How did the police attack us?
The police came in and issued a warning saying that if we did not disperse we would be arrested. There were large trucks nearby which we knew were to clear all the tents and items on the greenway. We held our ground and repeated that our constitutional right to freedom of speech and assembly permitted us to be there. The police burst in from the rear of the greenway and knocked over many veterans for peace who were holding flags. They pushed those who were locking arms in the circle. When the police pushed me, I couldn’t help but step back and back because I would lose my footing. The line of people locking arms to my right fell so I was split from them. My comrade to my left was still locking arms with him but no one was on his other side because that is where the police broke the circle and began bringing down the tents. Police were manhandling someone further down the circle to my right. They arrested my comrade to the left and I was left standing on my own. The police officer put my hands behind my back and cuffed me with plastic ties. I walked out to the street with him without speaking or putting up any fight. He had me stand between what he called “paddy wagons.” I prefer to avoid such a racial slur against the Irish and instead say “police wagon.” Then he had me walk with him to the back of one police wagon. I was the first to get in so I had to scoot all the way to the back. Eight other women soon joined me. I quickly learned that the police had banded some of the other woman’s arms so tight they were losing sensation in their hands and fingers. When they asked a police officer to loosen it, the female police officer who began asking us for names, height, weight, birth date, said she didn’t care if it hurt. Fortunately, mine were on loosely so I didn’t have any trouble with loosing sensation. The police wagon was dark as we bumped along the road. We sang songs like Amazing Grace and talked about our backgrounds. We debated about whether the police were part of the 99 percent—the working class who are subject to the oppression of the ruling class state. I believe that the police may come from a working class background but the institution of the police sides with the ruling class. In New York, for example, the NYPD received millions of dollars in donations from JP Morgan before the police decided to arrest 700 protesters. Once we got to the police station, they kept us in a small cinder block holding cell. Our numbers in that one holding cell grew from nine to 18 women as more arrived at the station. In all about 140 peaceful protesters were arrested and dispersed to nearby jails. There was some writing on the cinder block wall that appeared to be scrawled in blood. Some of the women asked a cop about the mysterious handwriting on the wall. One said it must be menstrual blood. Another suggested it might be from a wound. A police officer told us it spelled out the name of a gang. He made a joke saying, “If I give you a hammer will you stop hitting yourself in the head with it?” I didn’t understand his joke but he thought it was funny and kept repeating it. They took a group of us out of the holding cell because we had enough cash on us to make bail. They moved us to another holding cell where we waited for hours to be processed and released. It turned out that Occupy Boston had already raised enough money to cover everyone’s bail so I didn’t have to pay out of pocket. They fingerprinted me and scolded me for not having an ID but said they’d let me go anyway. I didn’t have an ID because I knew about the risk of arrest and had given Brenda my purse. I only kept some money on me just in case. I got a court summons for Thursday morning with the charge being “unlawful assembly.” Then I was released.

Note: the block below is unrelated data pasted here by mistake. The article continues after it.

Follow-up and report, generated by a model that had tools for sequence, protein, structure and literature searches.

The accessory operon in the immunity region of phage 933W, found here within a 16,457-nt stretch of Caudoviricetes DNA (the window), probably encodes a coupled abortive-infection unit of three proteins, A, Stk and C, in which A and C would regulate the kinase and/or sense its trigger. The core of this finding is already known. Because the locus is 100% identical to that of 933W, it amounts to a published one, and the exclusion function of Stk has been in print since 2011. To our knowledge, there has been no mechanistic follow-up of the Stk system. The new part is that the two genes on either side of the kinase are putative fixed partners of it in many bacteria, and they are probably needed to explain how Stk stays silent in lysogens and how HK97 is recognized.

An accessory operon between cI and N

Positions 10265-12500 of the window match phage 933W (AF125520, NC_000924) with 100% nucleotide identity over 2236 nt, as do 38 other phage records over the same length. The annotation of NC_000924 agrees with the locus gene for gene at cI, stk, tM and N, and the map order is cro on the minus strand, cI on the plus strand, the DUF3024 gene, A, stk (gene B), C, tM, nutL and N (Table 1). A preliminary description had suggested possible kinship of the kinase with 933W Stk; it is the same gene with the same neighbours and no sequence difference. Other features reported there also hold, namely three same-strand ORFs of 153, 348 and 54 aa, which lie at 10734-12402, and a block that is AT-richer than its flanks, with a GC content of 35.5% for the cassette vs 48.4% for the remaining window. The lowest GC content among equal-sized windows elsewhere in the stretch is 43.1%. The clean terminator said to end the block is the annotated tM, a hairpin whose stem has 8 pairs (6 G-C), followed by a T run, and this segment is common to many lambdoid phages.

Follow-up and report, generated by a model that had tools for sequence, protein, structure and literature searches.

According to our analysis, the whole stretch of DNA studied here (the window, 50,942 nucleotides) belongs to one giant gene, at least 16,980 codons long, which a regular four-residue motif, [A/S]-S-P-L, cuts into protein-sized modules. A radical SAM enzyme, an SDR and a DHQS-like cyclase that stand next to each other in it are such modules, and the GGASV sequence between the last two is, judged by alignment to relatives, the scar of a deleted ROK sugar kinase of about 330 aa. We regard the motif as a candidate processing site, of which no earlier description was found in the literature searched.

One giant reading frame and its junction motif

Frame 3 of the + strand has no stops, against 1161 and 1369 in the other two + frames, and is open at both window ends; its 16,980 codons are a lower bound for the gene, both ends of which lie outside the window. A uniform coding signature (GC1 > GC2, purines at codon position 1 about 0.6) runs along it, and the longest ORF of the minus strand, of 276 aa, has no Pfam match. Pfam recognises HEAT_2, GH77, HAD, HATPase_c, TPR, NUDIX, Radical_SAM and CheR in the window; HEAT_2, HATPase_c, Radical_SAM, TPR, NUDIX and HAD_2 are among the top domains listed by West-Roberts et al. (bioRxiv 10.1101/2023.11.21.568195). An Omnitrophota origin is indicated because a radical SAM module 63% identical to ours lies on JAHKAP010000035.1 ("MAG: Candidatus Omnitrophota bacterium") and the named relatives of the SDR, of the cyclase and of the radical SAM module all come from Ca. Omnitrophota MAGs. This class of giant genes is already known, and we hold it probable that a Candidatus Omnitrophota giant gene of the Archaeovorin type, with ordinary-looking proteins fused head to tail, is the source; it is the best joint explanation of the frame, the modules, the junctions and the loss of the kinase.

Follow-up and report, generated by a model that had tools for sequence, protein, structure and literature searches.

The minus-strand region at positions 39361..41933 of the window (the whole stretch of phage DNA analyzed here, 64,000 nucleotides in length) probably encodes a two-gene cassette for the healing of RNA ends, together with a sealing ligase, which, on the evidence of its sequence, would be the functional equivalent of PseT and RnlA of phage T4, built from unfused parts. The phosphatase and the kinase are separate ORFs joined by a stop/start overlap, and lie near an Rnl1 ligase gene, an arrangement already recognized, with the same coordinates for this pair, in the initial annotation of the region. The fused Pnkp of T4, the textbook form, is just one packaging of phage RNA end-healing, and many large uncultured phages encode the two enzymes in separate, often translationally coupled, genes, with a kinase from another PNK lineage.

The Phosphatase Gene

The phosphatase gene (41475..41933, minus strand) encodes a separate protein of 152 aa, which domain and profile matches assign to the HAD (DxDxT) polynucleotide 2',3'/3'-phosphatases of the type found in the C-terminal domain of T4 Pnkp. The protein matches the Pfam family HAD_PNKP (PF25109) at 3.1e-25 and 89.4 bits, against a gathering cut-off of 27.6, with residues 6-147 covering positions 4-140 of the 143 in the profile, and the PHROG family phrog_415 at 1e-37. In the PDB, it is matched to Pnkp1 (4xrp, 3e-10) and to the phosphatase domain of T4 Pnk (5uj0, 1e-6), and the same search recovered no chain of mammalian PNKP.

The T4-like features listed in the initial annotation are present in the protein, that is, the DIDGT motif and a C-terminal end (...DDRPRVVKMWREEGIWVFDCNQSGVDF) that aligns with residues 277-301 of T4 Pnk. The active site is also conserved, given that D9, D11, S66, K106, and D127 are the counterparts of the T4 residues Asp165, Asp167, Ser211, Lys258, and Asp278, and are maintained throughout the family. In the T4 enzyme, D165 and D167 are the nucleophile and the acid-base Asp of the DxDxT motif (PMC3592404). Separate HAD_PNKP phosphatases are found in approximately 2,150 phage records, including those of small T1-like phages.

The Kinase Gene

What happened after I got out of jail? And Concluding Reflections
A few comrades from Occupy Boston greeted me with a cheer so I smiled real big. Brenda arrived a few minutes later after she had finished driving someone else home. I was happy to see Brenda and gave her a big hug. I have a mix of emotions. I feel very loved because so many people helped support me in this process. I am grateful to everyone at Occupy Boston for carrying on the movement even in the face of personal sacrifice and the adversity that comes with police brutality. However, I also feel deeply hurt and confused why we everyday people were not permitted to peacefully assemble. I do not know what awaits me at court. It isn’t considered a serious offense so I probably won’t have to do much but pay a fine. Many people in our community, especially people of color, have endured far worse consequences at the hands of police brutality. I am humbled at my privilege as a white middle-class looking female. I am appalled that I can even refer to myself as privileged because most Americans like myself are far from privileged, from problems with healthcare to employment, education to police states, we are not going to be okay unless this movement continues to strengthen and give voice to the oppressed. We must tear down the capitalist system and replace it with one based not on human greed and profit but on human need where community and democracy are the highest goals.